Hunger strike in the Lyon-Saint-Exupéry Detention Center
published on crametoncralyon.noblogs.org on 7/11/2020
Prisoners denounce their situation when 11 people tested positive at Covid-19.
Hello. My name is X. I’ve been at the Lyon-Saint-Exupéry detention centre for 25 days. The thing is, it’s going to be bad every day. The people who have caught the coronavirus here, there are already 11 positive people. And today this morning we woke up, they took two people to isolation. They slept next to us and everything. And now we are asking for the right to talk to the police, to talk to people, to tell them outside that there is coronavirus here. There are no sanitary means, nothing, and freedom, nothing. The policeman told me that we don’t give a damn. He told me “I work here for 8 hours, then I leave and I don’t give a damn about what happens here”. The hunger strike, it’s been three days, no one came to see us, no one spoke about us, no one spoke about us, no one… at all.
There’s someone, my boyfriend, he’s got a backache, it’s been four days, I don’t know how long. Nobody’s been looking for him. There’s my boyfriend, he’s having an operation on his shoulder, with the hospital papers saying he has an appointment to operate on his shoulder.
I personally have three French kids, my French wife, I work. I’m on a permanent contract and everything. and now they’re taking me back here to the detention centre, they haven’t released me, I don’t know why.
I don’t know why. It’s getting too complicated. Some people here… if I didn’t have my children, I would think about committing suicide here. A lot of people here think about it too.
There are no human rights here, nobody talked about us, they talk to us like dogs. we have dirty clothes. there is no cleaning in the room. there are five of us in a room of four by two metres. The police come, they speak badly, they say “shut your mouth, shut your mouth whore, shut your mouth dirty whore”. They cut, they don’t respect people’s behaviour, they don’t respect anything.
And that’s going to complicate things, it’s complicated. We’ve been on hunger strike for three days now, there are four people in their rooms. Some people don’t come out of their rooms. We’ve been waiting for people from outside to help us. Please. And nobody helped us, apart from the journalists, apart from you, apart from the newspapers, apart from nobody. And there are no rights to see the family, there are no visits. We don’t have any visitors, we don’t have the right to see the family, we don’t have the right to see people from outside, there’s nobody. And on top of that, we do the papers here to make the appeal, to call the lawyer, they didn’t want to. The phone booth, the landline. When there are people, they don’t have a phone here to call the outside world or their family members, there is no phone booth. The phone booth doesn’t work. Here you go, please help us.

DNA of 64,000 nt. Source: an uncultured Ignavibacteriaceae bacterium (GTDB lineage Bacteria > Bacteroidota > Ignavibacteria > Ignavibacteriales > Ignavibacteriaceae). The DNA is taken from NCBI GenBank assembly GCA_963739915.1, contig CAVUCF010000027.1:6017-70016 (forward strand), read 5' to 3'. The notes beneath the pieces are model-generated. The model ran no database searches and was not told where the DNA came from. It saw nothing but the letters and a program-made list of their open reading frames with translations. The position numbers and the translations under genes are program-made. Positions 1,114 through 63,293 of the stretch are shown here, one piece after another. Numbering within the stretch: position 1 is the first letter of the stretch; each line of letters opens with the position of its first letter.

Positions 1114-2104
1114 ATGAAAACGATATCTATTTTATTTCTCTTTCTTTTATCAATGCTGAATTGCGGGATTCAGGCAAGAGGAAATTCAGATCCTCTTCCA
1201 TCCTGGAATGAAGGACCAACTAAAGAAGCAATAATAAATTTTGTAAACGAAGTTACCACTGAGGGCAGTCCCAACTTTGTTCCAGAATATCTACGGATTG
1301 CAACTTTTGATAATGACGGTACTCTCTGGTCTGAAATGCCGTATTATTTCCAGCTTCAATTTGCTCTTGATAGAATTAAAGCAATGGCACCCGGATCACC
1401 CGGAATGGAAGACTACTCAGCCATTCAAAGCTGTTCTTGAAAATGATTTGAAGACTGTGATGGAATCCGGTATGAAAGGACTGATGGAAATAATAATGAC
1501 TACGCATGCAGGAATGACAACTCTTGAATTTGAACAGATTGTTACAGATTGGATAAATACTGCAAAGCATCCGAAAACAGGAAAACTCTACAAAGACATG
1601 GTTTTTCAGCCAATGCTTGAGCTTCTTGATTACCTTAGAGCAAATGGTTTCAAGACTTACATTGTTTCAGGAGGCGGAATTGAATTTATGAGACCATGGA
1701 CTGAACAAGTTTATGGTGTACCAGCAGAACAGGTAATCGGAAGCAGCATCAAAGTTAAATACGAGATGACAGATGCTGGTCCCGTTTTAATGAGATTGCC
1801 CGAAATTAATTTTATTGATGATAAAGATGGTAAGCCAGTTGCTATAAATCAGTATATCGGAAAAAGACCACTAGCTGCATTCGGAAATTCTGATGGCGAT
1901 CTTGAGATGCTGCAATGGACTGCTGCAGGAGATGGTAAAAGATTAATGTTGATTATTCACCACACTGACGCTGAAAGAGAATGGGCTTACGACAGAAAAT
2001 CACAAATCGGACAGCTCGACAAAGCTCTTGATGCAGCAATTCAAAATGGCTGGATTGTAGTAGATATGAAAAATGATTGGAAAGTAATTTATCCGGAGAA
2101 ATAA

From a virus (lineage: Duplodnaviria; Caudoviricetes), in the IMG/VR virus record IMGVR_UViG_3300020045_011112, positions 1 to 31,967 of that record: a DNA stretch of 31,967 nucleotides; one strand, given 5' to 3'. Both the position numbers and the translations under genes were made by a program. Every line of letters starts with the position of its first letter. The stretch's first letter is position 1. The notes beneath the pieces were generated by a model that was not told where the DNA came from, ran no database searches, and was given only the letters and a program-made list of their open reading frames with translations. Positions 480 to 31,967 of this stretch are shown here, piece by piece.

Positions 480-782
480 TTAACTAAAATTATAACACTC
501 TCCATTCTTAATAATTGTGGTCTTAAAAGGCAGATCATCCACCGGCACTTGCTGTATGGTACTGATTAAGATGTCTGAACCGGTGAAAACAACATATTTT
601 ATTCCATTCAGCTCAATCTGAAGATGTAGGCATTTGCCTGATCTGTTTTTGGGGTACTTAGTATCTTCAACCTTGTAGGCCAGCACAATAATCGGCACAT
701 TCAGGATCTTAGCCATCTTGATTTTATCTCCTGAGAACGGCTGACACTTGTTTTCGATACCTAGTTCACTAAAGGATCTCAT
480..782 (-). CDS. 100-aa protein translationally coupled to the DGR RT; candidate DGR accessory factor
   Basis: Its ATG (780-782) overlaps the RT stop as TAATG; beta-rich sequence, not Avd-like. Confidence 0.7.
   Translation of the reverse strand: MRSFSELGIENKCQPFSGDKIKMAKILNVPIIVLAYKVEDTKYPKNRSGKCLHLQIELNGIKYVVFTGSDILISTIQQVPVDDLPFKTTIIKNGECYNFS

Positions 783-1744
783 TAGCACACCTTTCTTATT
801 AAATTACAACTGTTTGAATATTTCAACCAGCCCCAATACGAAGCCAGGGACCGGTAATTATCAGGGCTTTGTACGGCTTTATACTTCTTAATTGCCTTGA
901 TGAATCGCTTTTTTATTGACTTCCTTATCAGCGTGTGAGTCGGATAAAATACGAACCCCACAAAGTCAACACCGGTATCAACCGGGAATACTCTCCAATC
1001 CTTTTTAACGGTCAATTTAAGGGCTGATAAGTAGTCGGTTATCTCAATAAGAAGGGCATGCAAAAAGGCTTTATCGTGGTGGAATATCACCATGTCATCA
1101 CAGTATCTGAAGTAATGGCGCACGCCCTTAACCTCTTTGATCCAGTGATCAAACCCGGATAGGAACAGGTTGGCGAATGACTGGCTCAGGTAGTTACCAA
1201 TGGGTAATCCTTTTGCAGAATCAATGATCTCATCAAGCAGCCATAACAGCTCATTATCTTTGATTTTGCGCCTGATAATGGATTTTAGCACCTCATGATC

We are 127 people in the Lyon-Saint-Exupéry detention centre. There are handicapped people. There are people who caught the coronavirus a week ago and they are here with us. They took them to isolation, they came out positive, they leave them in our room, with us. There are no sanitary facilities. There are no masks, they don’t give masks. They don’t give us sanitary products to wash our hands, there’s nothing for that. You put them on your hair, you don’t know if you’ve used shampoo or water. Besides, we don’t have any rights at all. We feel that we are… it’s not France… it’s France that says liberty, equality, fraternity? We don’t see that. In truth we don’t see that.
The association, apart from Forum during the day when you come back home, they give you the paper, the rules from there, he says bring me the paper because tomorrow you go to the judge blabla After tomorrow, after I don’t know what, there’s nothing, it’s fine. They don’t help us. We’re not even allowed to make a photocopy.
I’ve been asking for an appointment with the doctor for four days, there’s no room. They tell me the doctor accepts that the people who came back today, the new ones. He doesn’t accept the old ones. I said I’m old, I’m new, it’s the same thing! I’m sick. I said I’m sick, I’ve been coughing, it’s been three days, my throat… the people with the coronavirus, they were with me, I’m sick. They don’t give me an appointment, no. They don’t speak to me well, even the doctor here doesn’t speak well, he tells me we don’t have that, we don’t have that. If you speak badly with him he will call the police. The police will take you to solitary confinement.